Sunday, March 27, 2011

Tour of Unknown Valley

Heading into the verdant hills

In spite of threatening rain, Herb, Frank, Gordy and I drove to Orland to participate in the Tour of the Unknown Valley sponsored by Chico Velo.

This ride is a gem. An early season sub-century ride in a beautiful and remote part of Northern California. With heavy winter rains, the hills are as green as Ireland. What makes this ride special is the remote location, the non-existent traffic, great support and low number of participants. This year there were only 60 riders with many potential riders scared away by the forecast of rain.

Although the skies were menacing, we lucked out and the rains held off. That's the good news. The bad news were the hellacious headwinds blowing between 20-30 mph in the last 20 miles of the ride.

The ride distance was 78 miles but we expended enough energy bucking the headwinds that it felt like we rode a full century ride. It was brutal.

The total elevation gain was 2,362'. All in all, it was a terrific ride and I can't say enough for the great support (3 rest-stops and after ride dinner) put on by Chico Velo.

Click on pic for enlarged view

Putting on the rain gear at the ride start - Frank, Herb, and Gordy. . . prepared for the worst, hoping for the best

Riding over I-5 in the early morning

The first part of the ride goes south from Orland to Willows and then turns west into the hills

Sun rise and overcast skies

Riders hammering down County Road D between Orland and Willows

Low clouds momentarily part to reveal snow covered Mt. St. John (6746')

The climbing begins on Clark's Valley Road

Scenic Clark's Valley Road meanders through the hills

Arriving at the rainbow bridge over high-flowing Stony Creek

Stony Creek was crankin'!!

Herb refueling at well stocked rest stop near the bridge

Tributaries emanating from the Snow Mountain range and Stony Gorge Reservior feed into Stony Creek and flows into Black Butte Lake. During the hot summer months, this creek is a mere dribbler. This winter/spring, it is a torrent.

Scenes in the Unknown Valley (Road 306)

Gordy and Brian, a couple Team Rev dudes, stopping to take in the views. Neat ridge line with odd formations border the Unknown Valley.

A pile of rocks and oak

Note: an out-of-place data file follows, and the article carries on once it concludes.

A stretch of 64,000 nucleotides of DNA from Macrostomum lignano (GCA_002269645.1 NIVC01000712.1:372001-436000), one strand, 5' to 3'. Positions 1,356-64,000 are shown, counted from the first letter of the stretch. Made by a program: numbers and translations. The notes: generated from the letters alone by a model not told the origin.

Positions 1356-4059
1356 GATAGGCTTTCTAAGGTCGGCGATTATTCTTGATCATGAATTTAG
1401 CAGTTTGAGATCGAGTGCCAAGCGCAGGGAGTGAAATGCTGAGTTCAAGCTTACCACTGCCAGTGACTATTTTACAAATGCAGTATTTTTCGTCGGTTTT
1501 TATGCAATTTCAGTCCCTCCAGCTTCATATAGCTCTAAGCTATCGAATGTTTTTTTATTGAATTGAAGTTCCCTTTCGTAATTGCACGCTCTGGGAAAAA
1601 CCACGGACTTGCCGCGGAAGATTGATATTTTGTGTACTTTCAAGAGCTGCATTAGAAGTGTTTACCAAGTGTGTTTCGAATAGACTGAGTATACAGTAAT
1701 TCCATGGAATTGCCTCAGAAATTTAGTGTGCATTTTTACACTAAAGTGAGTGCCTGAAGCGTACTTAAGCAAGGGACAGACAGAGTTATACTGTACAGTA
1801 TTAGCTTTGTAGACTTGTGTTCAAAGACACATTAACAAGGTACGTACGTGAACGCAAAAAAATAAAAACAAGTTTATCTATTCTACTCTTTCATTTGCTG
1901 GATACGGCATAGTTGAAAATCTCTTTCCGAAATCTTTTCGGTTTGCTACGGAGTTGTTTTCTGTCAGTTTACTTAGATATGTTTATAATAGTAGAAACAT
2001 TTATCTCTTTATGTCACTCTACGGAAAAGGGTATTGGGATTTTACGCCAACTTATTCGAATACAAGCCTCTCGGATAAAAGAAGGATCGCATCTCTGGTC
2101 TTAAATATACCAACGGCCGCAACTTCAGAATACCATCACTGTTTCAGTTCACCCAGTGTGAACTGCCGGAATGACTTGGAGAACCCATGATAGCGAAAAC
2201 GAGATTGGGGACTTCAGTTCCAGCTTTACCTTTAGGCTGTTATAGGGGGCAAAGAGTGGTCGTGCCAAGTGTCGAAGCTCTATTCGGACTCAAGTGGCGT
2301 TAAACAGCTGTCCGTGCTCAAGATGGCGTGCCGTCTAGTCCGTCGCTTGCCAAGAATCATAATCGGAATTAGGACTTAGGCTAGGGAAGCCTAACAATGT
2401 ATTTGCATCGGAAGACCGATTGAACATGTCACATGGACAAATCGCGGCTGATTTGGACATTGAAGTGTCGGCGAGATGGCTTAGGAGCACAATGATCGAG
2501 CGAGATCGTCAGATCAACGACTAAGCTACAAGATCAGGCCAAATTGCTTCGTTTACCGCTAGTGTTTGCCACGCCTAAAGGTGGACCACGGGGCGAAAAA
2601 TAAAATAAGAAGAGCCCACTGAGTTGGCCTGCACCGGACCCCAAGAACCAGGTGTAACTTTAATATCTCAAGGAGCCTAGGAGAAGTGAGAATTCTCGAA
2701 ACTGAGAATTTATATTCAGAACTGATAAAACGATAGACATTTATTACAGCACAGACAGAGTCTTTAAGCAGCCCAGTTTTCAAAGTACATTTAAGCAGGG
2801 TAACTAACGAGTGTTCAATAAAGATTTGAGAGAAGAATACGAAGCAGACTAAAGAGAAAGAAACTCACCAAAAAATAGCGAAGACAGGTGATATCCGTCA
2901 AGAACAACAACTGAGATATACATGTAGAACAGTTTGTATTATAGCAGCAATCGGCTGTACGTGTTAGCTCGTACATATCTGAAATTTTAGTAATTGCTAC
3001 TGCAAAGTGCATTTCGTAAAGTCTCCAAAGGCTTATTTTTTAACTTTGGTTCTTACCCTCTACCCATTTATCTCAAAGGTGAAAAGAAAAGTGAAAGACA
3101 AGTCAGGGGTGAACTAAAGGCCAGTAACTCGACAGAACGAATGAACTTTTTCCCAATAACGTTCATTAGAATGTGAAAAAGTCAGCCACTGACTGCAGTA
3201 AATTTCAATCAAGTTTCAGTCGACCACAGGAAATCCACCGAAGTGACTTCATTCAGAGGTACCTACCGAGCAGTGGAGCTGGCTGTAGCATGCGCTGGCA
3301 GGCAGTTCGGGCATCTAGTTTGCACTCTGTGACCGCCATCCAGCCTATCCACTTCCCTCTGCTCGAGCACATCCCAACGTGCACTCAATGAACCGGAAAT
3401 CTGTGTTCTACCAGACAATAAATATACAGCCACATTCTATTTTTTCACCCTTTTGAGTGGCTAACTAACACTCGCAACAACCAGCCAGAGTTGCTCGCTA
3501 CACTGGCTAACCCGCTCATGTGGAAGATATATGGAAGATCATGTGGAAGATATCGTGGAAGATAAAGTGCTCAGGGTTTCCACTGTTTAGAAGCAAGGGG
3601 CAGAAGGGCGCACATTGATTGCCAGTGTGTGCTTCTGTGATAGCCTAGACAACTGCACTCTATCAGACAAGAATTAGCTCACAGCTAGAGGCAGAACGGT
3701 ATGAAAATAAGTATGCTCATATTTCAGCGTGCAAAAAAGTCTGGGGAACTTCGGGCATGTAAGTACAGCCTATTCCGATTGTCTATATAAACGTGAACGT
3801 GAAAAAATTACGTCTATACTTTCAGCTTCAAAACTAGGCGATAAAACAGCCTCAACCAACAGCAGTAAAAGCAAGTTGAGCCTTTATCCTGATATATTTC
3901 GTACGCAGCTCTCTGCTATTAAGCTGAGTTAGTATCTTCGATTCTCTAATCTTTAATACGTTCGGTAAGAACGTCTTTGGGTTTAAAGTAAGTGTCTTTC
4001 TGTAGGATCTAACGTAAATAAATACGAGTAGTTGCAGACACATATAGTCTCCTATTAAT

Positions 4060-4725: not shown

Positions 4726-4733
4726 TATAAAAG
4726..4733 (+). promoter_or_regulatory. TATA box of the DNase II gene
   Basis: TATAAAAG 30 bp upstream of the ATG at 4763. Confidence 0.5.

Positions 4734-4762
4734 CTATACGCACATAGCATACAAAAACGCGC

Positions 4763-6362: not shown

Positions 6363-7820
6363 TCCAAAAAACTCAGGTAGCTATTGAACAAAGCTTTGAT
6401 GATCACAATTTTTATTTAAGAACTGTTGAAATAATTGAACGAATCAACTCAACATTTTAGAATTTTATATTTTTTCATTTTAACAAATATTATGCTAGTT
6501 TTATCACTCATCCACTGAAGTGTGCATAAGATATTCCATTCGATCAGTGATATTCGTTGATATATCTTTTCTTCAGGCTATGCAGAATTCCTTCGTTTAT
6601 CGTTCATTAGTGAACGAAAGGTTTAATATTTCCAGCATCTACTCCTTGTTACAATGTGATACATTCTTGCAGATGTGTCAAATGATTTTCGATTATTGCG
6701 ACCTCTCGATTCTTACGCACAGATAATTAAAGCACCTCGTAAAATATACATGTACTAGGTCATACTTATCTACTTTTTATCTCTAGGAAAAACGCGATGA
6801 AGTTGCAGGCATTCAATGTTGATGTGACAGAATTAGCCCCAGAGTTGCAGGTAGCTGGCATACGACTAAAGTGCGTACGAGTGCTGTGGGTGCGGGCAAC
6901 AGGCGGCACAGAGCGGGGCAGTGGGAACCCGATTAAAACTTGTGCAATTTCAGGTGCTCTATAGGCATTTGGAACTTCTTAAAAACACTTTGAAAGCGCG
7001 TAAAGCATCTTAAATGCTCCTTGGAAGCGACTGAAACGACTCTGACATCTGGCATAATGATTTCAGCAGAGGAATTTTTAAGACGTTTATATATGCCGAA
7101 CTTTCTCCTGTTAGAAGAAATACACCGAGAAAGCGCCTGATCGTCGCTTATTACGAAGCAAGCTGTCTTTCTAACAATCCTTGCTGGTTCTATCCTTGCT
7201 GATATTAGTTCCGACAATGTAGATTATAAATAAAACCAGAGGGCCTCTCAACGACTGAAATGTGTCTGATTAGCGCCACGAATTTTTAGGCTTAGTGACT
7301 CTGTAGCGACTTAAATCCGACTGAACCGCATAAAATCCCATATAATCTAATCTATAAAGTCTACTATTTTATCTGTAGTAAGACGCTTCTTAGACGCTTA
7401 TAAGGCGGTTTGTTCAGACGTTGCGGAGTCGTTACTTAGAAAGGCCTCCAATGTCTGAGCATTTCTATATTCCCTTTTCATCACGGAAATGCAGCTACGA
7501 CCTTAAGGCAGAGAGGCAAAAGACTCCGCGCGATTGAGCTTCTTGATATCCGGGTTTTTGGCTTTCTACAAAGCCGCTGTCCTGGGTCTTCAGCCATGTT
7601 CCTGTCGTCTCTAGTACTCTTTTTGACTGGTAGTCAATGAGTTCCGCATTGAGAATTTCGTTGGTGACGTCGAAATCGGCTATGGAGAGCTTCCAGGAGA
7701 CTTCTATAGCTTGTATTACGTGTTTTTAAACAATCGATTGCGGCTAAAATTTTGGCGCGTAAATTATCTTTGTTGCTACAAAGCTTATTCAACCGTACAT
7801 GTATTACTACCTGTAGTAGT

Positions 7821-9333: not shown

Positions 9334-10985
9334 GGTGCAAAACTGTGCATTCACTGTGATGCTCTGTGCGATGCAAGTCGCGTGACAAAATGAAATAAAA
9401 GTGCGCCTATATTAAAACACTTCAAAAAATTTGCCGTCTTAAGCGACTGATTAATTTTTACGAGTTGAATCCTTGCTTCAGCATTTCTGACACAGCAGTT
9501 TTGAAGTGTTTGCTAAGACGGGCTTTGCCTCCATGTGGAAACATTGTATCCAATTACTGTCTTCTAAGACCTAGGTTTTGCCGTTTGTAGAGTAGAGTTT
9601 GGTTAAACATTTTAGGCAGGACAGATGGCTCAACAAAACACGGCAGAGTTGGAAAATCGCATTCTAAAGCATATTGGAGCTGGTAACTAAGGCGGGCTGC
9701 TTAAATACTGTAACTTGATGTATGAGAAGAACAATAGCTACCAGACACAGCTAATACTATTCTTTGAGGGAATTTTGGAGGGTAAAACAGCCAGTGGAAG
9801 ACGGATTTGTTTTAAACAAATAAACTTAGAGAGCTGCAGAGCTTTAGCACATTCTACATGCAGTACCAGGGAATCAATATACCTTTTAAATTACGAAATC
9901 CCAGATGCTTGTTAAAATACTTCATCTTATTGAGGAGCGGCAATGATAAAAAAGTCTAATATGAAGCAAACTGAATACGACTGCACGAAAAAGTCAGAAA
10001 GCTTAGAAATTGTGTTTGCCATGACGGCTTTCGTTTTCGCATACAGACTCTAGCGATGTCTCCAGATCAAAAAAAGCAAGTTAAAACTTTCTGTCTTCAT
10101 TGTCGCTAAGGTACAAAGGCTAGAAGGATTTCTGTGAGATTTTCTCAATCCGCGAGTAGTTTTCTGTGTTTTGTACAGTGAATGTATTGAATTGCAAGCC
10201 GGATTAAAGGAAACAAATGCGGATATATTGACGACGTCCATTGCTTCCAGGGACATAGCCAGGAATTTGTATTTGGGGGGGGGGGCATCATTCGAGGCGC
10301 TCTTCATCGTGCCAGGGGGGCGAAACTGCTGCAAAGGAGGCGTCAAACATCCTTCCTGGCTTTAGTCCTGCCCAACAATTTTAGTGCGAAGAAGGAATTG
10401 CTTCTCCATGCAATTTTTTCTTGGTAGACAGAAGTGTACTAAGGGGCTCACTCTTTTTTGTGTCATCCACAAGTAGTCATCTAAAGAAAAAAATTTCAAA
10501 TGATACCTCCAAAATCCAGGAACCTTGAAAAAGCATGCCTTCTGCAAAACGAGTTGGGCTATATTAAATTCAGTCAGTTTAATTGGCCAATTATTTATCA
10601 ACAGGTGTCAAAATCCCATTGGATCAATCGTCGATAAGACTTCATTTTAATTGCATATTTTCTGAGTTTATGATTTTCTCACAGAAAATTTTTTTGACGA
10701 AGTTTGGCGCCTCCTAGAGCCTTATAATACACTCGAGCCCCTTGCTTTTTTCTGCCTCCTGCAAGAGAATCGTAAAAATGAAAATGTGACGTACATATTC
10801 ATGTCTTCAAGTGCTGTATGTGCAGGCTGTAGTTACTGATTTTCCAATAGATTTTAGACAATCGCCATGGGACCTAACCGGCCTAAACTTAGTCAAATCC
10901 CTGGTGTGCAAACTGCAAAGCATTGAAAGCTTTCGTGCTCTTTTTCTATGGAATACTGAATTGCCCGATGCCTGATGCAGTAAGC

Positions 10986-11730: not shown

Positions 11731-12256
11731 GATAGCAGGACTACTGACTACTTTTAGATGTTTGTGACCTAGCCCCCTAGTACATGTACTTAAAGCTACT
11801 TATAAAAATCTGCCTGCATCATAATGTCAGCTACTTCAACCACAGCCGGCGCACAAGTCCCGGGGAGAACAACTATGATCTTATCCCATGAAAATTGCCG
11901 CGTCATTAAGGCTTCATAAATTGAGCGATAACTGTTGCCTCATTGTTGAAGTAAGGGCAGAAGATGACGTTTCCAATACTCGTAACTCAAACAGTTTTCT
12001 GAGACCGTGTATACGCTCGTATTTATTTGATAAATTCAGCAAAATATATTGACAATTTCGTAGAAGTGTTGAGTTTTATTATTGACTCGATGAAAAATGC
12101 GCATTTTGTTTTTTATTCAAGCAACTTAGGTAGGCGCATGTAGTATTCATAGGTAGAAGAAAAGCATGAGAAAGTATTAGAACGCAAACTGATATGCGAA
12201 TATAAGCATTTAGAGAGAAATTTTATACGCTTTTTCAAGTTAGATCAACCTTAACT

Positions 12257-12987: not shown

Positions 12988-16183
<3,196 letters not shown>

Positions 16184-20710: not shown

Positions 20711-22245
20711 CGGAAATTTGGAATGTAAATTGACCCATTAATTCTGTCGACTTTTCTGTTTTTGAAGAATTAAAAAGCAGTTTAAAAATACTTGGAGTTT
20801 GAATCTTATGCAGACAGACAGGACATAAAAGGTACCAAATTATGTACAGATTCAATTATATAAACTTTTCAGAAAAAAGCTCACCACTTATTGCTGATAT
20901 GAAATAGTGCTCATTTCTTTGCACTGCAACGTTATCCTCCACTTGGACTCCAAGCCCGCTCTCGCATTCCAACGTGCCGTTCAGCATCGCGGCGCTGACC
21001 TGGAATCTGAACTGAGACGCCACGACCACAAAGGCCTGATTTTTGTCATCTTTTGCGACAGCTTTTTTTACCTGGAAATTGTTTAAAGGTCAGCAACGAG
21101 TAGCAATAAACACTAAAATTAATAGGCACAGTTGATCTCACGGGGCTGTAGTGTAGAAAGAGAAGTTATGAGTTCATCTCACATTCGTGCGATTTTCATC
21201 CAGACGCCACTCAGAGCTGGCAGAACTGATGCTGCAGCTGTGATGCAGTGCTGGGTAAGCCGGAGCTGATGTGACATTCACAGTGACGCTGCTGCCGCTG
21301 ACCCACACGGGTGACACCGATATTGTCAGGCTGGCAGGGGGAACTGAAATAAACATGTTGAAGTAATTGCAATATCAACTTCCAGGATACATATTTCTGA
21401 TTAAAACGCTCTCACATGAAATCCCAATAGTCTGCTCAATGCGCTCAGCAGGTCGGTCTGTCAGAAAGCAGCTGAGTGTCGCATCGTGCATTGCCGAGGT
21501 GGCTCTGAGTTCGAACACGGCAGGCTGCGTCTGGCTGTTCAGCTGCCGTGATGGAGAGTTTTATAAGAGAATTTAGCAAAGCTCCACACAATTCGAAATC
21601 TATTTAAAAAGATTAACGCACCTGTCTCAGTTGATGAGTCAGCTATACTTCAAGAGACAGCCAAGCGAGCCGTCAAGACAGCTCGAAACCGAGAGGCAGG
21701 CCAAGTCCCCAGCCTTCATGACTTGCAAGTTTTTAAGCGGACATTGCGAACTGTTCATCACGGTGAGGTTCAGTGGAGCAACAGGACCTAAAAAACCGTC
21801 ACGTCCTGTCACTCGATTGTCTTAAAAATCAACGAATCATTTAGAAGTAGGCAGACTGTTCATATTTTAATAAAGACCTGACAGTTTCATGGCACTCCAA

Rolling hummocks

The Unknown Valley surrounded by hummocky rock piles appears like a volcanic caldera

Picturesque ranches dot the Unknown Valley

Neat formations near Newville

"Shasta", the Great Pyrennes, greets riders at the last rest-stop

Chowing down and kickin' back at the Glenn County Fairgrounds after the ride. End of an awesome day.

Tuesday, March 22, 2011

The Endless Winter

The Sacramento skyline viewed across the flooded Yolo Bypass

Sacramento has become Seattle!! It is March 22nd and it seems like it has rained almost everyday this month. I think we may have had only 4 or 5 dry days in the last 3 weeks. March is normally a transition to spring but this year it is still the middle of winter.

Sacramento is at 118% of normal for rainfall and the snow pack in the Sierra is at 146% to date. More rain/snow is predicted this week. Will it ever end?!

Today, we caught a brief one day break and I wanted to see the water in the Yolo Bypass and the high flows along the Sacramento River.

Herb, Dick, Don and I hopped on our bikes and rode to Davis crossing the I-80 Causeway over the "inland sea". The dams of Shasta, Oroville, and Folsom were letting out so much water the weirs along the Sacramento River were over-flowing creating an inland sea in the Bypass.

Later in the day, Don and I rode up Old River Road in West Sacramento to check out the Sacramento Weir and the high flowing river.

Click on pic for enlarged view

The lads appreciating a sunny day, a rarity this month

Dick, Don and Herb at the east-end of the Causeway viewing the inland sea

We rode the bike path on the I-80 Causeway to Davis

I-80 Freeway crossing the inland sea

The Fazio Wildlife Refuge is under water

The weirs below Old River Road in West Sacramento

Water from the Sacramento River flowing into a channel leading to the Bypass

When the river is approaching flood stage, the weirs are opened to divert excess water into the Yolo Bypass, a vast 60,000 acre leveed flood plain west of Sacramento . This flood control safety-valve is a life-saver for the urban areas along the lower Sacramento River.

Don gazing across the swollen Sac River

Backyard under water and river lapping under the deck of this home along the Garden Hwy.
Note boat parked in garage. Owners ready for a quick get-away should the river rise higher.

Gazebo and backyard under water

Grove of trees in W. Sac has become a mangrove forest

Broderick boat launch and parking lot under water

No BBQ today!

Amtrak train crossing the I-Street Bridge

The end of the bike path on the River Walk

The Delta King riding high on the river

The gangplanks act like scissors to rise and fall with the river

Minimal freeboard under the Tower Bridge

Fishing from the steps

Al fresco diners at Joe's Crab Shak get a ring-side seat of the swollen river

River Walk in W. Sac

Capitol Mall high-rises . . . safe for now

W. Sac high-rises

Raley's Landing partially submerged

Don on the Tower Bridge

End of a very interesting day . . .